Photography is also a bit more challenging during these times, forcing one to look hard for the prairie magic. However, if you look long enough the dried cotton wood stumps reveal themselves as animals from the brown, barren landscape.So go’s the cycles of the prairie, we love the good and try to be prepared for the bad.

This year, things are good - and so are the people and the animals.

As always, we thank you for your sustainable great taste and support - through the good times and through the tough times. Cheers! jill


Comments

George Frantz

June 29, 2018

You are true stewards of the land and your herd. And a damn fine writer to boot.

Liz Aicher

June 29, 2018

Great article, Jill. Hope it’s ok if a steal a few pics for my watercolors! Having driven through SD, ND, MT and WY and having seen the green, green grasslands, it was a bit of a shock to remember the extreme drought we are in, and see the results of that driving south of Pueblo, CO on the way home. I spotted a rancher taking water out to his herd….something one never really wants to see. Glad the gods were good to you and the buffalo this year!

Ken

June 29, 2018

Nice photos
Looking forward to when
More product is available
How about some
Big beef ribs
Keep up the good work
And God bless you and yours

James M. Pierce

June 29, 2018

I love what you are doing for the prairie … I love your photos (Mother’s Day was great) and of course, I love your products

Sheryl Edmonds

June 29, 2018

We will be in your area next month, can we stop by?

Phyllis Welch

June 29, 2018

Thank you for taking your time to sharing your pictures. I really enjoyed them along with cations.

Christina Gray

June 29, 2018

For a few minutes I was carried away to a beautiful place I’ve never seen. After reading your story and drinking in the photos, I closed my eyes and imagined the great and beautiful vistas. Thank you for the peaceful journey. I enjoyed every bit of it.

Chris

June 29, 2018

Really illuminating to see the land under both drought and bounty conditions, thank you for continuing to take the time to educate about real-life ranching; always learn something from each post!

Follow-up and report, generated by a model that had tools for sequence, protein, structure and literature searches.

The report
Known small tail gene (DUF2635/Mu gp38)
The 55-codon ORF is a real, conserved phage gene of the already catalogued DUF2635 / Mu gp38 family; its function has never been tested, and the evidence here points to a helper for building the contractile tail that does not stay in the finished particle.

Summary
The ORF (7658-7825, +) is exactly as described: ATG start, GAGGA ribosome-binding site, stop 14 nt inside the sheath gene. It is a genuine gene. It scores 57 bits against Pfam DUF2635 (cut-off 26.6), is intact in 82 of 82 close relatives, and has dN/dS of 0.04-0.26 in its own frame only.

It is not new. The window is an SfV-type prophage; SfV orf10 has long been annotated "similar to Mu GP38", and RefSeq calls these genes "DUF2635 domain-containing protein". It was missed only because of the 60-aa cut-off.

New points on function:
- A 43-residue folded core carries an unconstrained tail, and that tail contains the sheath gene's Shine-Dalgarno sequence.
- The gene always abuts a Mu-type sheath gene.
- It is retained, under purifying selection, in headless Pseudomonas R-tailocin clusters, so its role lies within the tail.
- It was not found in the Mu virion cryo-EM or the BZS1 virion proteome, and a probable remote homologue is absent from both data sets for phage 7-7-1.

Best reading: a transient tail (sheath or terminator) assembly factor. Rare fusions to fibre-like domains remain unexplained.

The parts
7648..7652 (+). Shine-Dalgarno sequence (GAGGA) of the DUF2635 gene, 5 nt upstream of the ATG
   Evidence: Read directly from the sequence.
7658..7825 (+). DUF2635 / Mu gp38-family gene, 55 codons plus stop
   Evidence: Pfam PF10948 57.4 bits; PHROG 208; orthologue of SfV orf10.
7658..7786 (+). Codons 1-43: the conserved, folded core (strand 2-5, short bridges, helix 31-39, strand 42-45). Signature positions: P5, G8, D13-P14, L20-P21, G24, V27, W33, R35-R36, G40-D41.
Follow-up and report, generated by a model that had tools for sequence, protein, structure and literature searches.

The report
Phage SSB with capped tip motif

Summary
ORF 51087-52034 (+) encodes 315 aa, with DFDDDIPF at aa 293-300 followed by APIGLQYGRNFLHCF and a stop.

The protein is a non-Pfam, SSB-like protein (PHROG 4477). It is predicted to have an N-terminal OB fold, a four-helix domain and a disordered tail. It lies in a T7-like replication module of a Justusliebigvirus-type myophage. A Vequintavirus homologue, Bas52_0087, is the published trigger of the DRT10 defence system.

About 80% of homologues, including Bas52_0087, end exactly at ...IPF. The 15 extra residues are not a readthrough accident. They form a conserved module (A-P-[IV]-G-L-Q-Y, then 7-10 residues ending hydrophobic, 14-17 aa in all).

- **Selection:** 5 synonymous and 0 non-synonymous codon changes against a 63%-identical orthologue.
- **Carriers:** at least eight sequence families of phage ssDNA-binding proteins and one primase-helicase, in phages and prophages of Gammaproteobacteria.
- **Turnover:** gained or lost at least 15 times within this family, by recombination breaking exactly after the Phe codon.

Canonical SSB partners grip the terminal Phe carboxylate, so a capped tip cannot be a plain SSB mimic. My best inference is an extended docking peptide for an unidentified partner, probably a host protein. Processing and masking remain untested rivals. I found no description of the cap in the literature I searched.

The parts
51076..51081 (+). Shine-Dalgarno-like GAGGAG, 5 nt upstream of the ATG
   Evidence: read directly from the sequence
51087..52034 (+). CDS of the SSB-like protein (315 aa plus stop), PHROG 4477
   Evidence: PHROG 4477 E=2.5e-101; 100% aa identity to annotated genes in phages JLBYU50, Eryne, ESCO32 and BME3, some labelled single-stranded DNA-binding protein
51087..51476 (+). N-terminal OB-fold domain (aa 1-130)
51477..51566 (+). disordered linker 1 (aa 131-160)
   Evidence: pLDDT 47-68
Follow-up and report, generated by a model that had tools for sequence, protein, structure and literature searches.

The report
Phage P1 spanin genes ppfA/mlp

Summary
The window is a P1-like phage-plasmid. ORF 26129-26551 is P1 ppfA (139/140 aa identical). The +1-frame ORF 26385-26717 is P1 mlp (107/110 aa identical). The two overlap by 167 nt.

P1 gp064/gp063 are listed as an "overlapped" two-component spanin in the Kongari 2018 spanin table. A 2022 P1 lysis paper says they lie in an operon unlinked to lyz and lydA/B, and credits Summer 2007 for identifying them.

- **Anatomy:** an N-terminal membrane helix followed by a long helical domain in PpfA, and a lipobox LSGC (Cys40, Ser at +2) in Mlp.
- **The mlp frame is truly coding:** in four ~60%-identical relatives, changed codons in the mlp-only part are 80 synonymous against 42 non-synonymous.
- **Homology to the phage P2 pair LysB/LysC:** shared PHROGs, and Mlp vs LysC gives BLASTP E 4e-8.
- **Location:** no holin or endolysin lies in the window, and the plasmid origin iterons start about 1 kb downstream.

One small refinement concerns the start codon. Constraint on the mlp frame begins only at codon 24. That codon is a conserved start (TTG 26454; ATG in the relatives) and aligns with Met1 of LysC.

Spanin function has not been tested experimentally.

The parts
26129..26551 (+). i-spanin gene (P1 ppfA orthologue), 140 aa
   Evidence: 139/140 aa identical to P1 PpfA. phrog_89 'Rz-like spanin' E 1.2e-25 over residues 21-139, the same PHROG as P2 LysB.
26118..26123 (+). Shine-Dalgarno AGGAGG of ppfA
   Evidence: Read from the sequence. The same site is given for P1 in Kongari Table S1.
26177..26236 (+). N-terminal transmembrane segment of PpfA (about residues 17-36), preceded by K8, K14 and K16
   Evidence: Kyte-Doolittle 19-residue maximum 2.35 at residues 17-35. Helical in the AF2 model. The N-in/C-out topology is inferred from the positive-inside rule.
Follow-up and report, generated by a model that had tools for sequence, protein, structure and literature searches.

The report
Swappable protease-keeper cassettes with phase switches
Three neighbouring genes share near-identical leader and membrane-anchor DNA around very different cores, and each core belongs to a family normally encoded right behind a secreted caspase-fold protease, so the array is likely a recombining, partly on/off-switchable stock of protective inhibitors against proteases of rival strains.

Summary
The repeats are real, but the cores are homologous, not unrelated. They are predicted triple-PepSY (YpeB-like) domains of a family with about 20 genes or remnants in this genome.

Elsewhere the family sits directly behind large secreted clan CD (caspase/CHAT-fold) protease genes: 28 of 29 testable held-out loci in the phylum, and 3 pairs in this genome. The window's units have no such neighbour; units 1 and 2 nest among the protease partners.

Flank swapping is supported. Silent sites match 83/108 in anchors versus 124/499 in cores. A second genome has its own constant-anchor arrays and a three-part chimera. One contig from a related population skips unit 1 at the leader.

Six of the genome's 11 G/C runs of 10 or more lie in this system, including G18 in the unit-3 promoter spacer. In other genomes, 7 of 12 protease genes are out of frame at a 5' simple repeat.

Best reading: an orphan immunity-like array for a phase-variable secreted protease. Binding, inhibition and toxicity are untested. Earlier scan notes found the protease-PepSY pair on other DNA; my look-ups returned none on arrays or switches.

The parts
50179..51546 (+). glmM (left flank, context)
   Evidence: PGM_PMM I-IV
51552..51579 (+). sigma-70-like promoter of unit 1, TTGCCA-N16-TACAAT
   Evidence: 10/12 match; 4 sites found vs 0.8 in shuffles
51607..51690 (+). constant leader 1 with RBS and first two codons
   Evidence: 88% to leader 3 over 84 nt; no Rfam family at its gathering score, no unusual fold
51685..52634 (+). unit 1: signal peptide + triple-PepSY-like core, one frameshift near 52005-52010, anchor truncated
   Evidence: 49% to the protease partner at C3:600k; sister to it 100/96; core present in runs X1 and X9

Kathleen Hall

June 29, 2018

Being born and raised in Minnesota, I appreciated your comment:) Having spent many years near Payne’s Prairie National Park adjacent to Gainesville Florida in Alachua County, I though I’d mention in case you weren’t aware of it, that there’s a small heard of bison who roam the prairie and are rounded up once a year by the forest rangers on horseback. Just thought perhaps looking into management of free roam bison in an area of the country with an over abundance of rain and a variety of predators (gators, etc., and now pythons) may be of interest to you:)

Beth Waterhouse

June 29, 2018

Jill, a beautiful photo essay. And thank you for the ecological education about rain on the prairies!

Lucy

June 29, 2018

This is a beautiful photo essay. It made me yearn for the Black Hills and the prairies to the east and south. I used to live very nearby, down the Argyle Road in the Hills, over in Igloo, and way down in Chadron. These essays and photos fill up my heart with gladness.

Oh, and I’m a customer! I’m feeding a growing 16 year old with your wonderful bison meat, and I am sure it contributes to his glowing good health.

Bruce Green

June 29, 2018

Just drove through entire state of South Dakota from East to West. Could not believe how green it was!

Absolutely beautiful. What a great state you have.

🤗

pat

June 29, 2018

Thank you, a wonderful bunch of raindrops, Jill.

Bruce Green

June 29, 2018

Just drove through entire state of South Dakota from East to West. Could not believe how green it was!

Absolutely beautiful. What a great state you have.

🤗

Jerry and Norma Reynolds